His final report from Captain Miller was very candid – Conscientious and very good mental qualities but at times a bit hare brained. Very good physical qualities but takes no active part in outdoor sports. Even temperament. Shows good zeal and is keen on the service in general. Very good tact. Good administrative qualities. Rather inclined to arrive at faulty decisions through not giving the subject sufficient consideration. A keen officer and popular with the men. Has the welfare of the service at heart, but is inclined to see on the side of leniency towards the men who take advantage of it. Many at Cerberus, however, recalled him as a popular, efficient and gallant officer.
Commander Darley had now been in the Navy for over 20 years and served entirely at sea or in training establishments. On return to England he undertook Technical and War Courses and in January 1923 commenced an Intelligence Course at the Royal Naval College (Greenwich). In May 1923 he was appointed as Naval Secretary to the Ordnance Committee at the Admiralty in London.
His reports during this period described him as a man of equable temperament, pleasant personality, tactful, good mannered, thorough and with good organising and administrative skills; and that he would make a good executive officer afloat.
After two years of service in the Admiralty, Darley was selected for command and undertook commanding officers training courses from August 1925 until the end of the year. He was then appointed as the commanding officer of the light cruiser HMS Despatch,then serving on the China Station, and assumed command on 28 February 1926.
China in the 1920s was a country in name only as rival warlord generals and political factions sought to gain power and control of the nation. The major powers of the time (Britain, France, Japan and the United States) had substantial mercantile investment in the country and maintained naval forces in the region to protect their citizens and national interests.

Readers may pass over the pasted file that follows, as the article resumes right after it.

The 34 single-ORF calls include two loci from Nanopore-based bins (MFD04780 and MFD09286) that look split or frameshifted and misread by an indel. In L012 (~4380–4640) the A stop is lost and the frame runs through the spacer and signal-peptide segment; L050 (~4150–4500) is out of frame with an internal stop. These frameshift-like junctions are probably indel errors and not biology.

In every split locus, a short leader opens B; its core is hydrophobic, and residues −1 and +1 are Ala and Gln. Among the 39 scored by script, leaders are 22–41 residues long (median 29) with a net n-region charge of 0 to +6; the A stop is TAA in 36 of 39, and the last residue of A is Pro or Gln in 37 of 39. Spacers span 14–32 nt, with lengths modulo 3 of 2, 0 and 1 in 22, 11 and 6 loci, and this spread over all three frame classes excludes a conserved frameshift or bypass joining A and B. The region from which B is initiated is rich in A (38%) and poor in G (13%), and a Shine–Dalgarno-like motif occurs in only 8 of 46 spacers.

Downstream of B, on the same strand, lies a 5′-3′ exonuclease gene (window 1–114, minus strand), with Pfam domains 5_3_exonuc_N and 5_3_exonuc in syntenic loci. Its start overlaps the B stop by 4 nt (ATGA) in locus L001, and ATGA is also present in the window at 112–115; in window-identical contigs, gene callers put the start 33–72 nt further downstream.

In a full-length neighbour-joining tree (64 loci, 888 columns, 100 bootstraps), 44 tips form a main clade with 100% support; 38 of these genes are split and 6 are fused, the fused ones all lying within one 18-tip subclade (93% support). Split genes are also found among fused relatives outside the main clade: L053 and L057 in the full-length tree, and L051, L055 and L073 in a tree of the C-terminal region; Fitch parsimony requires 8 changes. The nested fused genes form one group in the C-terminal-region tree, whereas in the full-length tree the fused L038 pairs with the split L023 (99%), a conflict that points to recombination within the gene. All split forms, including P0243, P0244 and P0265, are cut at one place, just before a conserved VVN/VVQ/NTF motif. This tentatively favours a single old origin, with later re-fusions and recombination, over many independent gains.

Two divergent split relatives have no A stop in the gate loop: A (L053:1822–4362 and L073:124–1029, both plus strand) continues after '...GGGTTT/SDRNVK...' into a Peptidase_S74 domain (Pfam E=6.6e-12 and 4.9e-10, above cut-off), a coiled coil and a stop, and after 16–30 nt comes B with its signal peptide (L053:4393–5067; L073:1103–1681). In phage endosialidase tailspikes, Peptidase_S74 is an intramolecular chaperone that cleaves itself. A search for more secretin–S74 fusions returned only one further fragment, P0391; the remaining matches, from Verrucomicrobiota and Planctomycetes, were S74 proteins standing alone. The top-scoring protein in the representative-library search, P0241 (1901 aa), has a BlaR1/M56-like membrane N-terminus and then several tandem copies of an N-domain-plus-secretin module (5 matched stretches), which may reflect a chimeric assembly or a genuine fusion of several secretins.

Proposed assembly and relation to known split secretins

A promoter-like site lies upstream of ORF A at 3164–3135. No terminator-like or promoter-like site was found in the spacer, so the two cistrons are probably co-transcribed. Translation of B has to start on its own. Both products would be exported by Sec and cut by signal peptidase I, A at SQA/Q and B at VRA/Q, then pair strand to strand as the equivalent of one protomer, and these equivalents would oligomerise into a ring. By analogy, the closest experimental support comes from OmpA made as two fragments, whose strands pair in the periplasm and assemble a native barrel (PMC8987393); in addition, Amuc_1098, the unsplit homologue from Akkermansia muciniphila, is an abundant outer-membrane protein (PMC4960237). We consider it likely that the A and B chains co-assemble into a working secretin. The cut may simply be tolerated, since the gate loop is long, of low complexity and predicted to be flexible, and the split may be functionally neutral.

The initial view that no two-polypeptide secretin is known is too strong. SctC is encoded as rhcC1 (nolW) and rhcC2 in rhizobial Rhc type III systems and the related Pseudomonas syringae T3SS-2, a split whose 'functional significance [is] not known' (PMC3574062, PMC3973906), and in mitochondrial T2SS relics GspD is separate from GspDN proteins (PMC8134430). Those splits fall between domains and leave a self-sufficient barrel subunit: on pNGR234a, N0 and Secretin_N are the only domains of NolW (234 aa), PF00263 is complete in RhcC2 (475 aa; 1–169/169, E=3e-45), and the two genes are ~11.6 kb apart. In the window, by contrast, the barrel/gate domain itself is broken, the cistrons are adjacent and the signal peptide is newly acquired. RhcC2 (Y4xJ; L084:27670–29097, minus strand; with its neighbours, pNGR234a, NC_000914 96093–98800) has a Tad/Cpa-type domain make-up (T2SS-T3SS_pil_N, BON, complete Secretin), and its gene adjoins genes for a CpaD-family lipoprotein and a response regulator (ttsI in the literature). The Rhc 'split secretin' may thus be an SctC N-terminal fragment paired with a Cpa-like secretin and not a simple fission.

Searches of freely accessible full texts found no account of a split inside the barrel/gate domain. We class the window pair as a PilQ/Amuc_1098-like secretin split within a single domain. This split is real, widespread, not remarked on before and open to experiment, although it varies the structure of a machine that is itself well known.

In late August 1926 an incident occurred when Nationalist Chinese soldiers seized control of two British steamers, the SS Wanhsienand SS Wantung then operating on the Yangtse River in the vicinity of Wanhsien (Wanxian) Central China). Attempts by the British Consul General at Chunking to negotiate the release of the two vessels failed and the Chinese forces were reinforced with more troops and artillery. Two Royal Navy gunboats operating on the Yangtse were no match for this force but prevented the steamers from leaving Wanhsien.
The Royal Navy devised a plan to recapture the two British vessels by stealth, rather than force. The steamer SS Kiawo was requestioned and 60 men, under the leadership of Commander Darley, were embarked and departed the river port of Ichang (Yichang) on 4 September 1926. The plan was for Kiawoto steam to Wanshien and go alongside the two captured vessels where Darley’s men would board and re-take them with supporting fire from the British gunboats. The plan was described as bold, but would entail heavy casualtie’.
On the morning of 5 September 1926 the Kiawo went alongside the Wanhsien,where all appeared quiet, but as soon as the boarding party leapt aboard hundreds of hidden Chinese soldiers opened fire. Darley and several of his men were killed instantly. British sailors onboard Kiawo returned fire and did frightful execution amongst the massed Chinese.The next day a large British naval force arrived at Wanhsien and Chinese forces handed both vessels over and peacefully departed the scene.
Before going into action Darley wrote a letter to his mother stating – If you ever get this letter, I will have ‘passed on’ before you and I pray God that I may do nothing that may bring discredit on the White Ensign under which I shall fight. This morning I read to my men the 1st and 2nd Prayers for those at sea, the Confession and the Lord’s Prayer … and I have done my best to persuade my men not to kill unnecessarily.
Commander Darley’s body was recovered after the action and was buried in the British Cemetery at Ichang, China on 15 September 1926 by the Reverend Walter Scott (Chaplain of HMS Hawkins). Whether this grave site still exists is unknown.
Frederick Campbell Darley was posthumously awarded a Mention in Dispatches for services at Wanhsien on 5 September 1926 with the citation reading – Organised the expedition, acted with considerable gallantry, and by personal example instilled enthusiasm in all officers and men under his command in HMS Kiawo. (London Gazette 6 May 1927). In October 1927 a bronze memorial plaque to Commander Darley was erected at HMAS Cerberus and is still there today in the Church of England chapel.
And so Frederick Darley died as he had lived – leading by example and doing his duty to the utmost.